If you loved Thailand and the Thai temples, head further North to the less visited but still popular country of Laos. There are some amazing temples in Luang Prabang, the former capital of Laos (the capital is now Vientiane). Here are 11 amazing Luang Prabang temples not to be missed…
Wat May Souvannapoumaram
5minutes walk along Mekong River from Luang Prabang town, Wat May Souvannapoumaram is a typical Laotian style temple and houses hundreds of Buddha images. It is sometimes called Wat Sri Khuan to differentiate it from the other May temple in Luang Prabang (see below). Built in 1909 during the reign of Chao Anouvong, it was enlarged by King Sisavong Pativat in 1969 on the occasion of his second visit to Wat Xiengthong. The temple is also known as Wat Pha Siphan Vongkhap or Wat Xiengthong Bok in reference to some of the Buddha images installed there.
5minutes walk along Mekong River from Luang Prabang town, Wat Xiengthong is an imposing and imposing structure with a towering central tower housing a gold seated Buddha image. Built in 1954 by King Savang Vatthana, the temple houses hundreds of Buddha images. Some of the images are said to be several hundred years old and come from Wat Pha Siphan Vongkhap.
Built in 1460 by Chao Thasack, who was the king at the time, Wat Mahathat is now a museum that houses an interesting collection of Buddha images including a large gilded seated Buddha image which is over 150 years old. The temple is at the top of a flight of stairs and opens at 8 am.
5minutes walk along Mekong River from Luang Prabang town, Wat Wisunarat is a large temple built in 1813. The temple houses a huge seated Buddha image said to have been built during the reign of King Bun Racha (1637-1705).
Wat Chom Si
Located on the road to the airport, Wat Chom Si was built in 1566 and is about 7 km from Luang Prabang town. Wat Chom Si houses many Buddha images, some of them being more than 150 years old. In addition, there is a natural rock and cave with several Buddha images depicting scenes from Buddha’s life. The temple opens at 8 am, but there is no admission fee.
Located on the Royal Paradise hill, Wat Manorom is one of the most impressive temples in Luang Prabang. The temple was built in 1695 and has a very dramatic gilded main Buddha image, adorned with jewellery and jewels. The temple is open daily until 4 pm.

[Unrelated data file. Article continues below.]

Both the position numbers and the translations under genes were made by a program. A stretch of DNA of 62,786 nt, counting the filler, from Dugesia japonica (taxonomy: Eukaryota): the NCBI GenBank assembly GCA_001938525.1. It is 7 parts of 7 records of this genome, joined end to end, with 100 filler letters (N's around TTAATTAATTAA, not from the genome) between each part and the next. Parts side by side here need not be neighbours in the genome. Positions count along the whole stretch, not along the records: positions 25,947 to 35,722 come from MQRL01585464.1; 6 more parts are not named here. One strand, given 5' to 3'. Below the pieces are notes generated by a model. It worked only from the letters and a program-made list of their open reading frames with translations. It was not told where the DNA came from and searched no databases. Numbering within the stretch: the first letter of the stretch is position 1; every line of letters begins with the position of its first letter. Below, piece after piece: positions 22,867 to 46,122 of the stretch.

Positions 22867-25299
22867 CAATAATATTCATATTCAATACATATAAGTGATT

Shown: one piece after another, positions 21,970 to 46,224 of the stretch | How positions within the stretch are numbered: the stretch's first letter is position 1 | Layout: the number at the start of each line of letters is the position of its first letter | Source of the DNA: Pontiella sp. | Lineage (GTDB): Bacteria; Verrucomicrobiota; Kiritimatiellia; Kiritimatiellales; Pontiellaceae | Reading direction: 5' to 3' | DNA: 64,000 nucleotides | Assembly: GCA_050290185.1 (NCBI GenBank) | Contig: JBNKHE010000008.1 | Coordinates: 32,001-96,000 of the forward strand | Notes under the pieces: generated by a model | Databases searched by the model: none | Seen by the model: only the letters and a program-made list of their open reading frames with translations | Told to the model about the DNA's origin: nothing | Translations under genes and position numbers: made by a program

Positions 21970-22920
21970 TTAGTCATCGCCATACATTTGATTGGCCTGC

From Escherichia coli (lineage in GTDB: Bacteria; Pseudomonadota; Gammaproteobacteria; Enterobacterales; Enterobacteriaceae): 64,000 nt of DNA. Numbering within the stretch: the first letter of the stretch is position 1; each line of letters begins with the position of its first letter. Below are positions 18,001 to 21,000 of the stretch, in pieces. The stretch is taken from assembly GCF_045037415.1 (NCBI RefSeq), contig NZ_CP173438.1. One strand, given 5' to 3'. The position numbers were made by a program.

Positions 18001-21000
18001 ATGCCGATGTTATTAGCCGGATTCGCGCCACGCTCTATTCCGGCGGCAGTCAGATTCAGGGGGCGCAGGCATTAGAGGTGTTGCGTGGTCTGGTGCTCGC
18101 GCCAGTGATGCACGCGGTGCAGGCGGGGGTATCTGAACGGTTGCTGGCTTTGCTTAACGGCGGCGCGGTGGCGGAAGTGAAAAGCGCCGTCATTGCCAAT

Wat Phon Phao
This temple is open daily 8 am to 6 pm (7 pm during the rainy season). It is on Vientiane Road (1 km west from town) towards the airport (Phon Phao means ‘Beautiful Temple’). This temple is a must see for those who are interested in architecture and houses several Buddha images inside, some of them dating back to the 1800s.
Wat Sop Sickharam
6 km west of Luang Prabang town, Wat Sop Sickharam is one of two Phra That (serve as the seat) of King Sisavith Vongsa. The temple was built on top of a mountain and dates back to 1766 (King Sisavith Vongsa reigned 1740-1767). The main building houses a large seated Buddha image as well as several small shrines.
Wat Pa Phai
Wat Pa Phai is the newly constructed temple in Luang Prabang, located on a small hill in the picturesque Maenam area. The design of the temple reflects Lao influences. The main Buddha image at Wat Pa Phai, called Lian Kantharodhi, can be found in Wat Xiengthong, Suan Dok Khao and Wat Chom Si temples. It was moved from Wat Xiengthong to Wat Pa Phai at the request of King Sisavong Savang Vatthana during his reign (1950-1968). This temple is open daily until 7:30 pm. Admission fee applies for both day and night visits.
Wat Pak Khan Khammuanghun
Wat Pak Khan Khammuanghun houses a large Buddha image from the 17th century. The temple is part of a monastery complex housing over 200 monks and nuns, and opens at 6 am daily. Wat Pak Khan Khammuanghun is also known as Wat Xiengthong Pa Khah Khammuanghun which means “the temple of Wat Xiengthong with many beautiful paintings”. It is only open during the day.
This temple was built in 1774 by King Oudomsin Vongsa (King from 1781 to 1805). The temple houses a large Buddha image as well as many smaller Buddha images. The temple is located near Wat Khuan Khan Khammuanghun on the Luang Prabang – Phonsavanh road. Wat Aphay is only open during the day and admission is free.
The temples are open daily for worship and also serve as an interesting place to visit during the day when many people are not around to enjoy peace and quiet. Remember to wear shoed that you can easily slip off and conservative clothing that covers your shoulders and legs.
Have you visited any of these Luang Prabang temples? If so, I’d love to hear from you – please comment on my blog below. You might also like to read about Laos Wat Sisaket in Vientiane.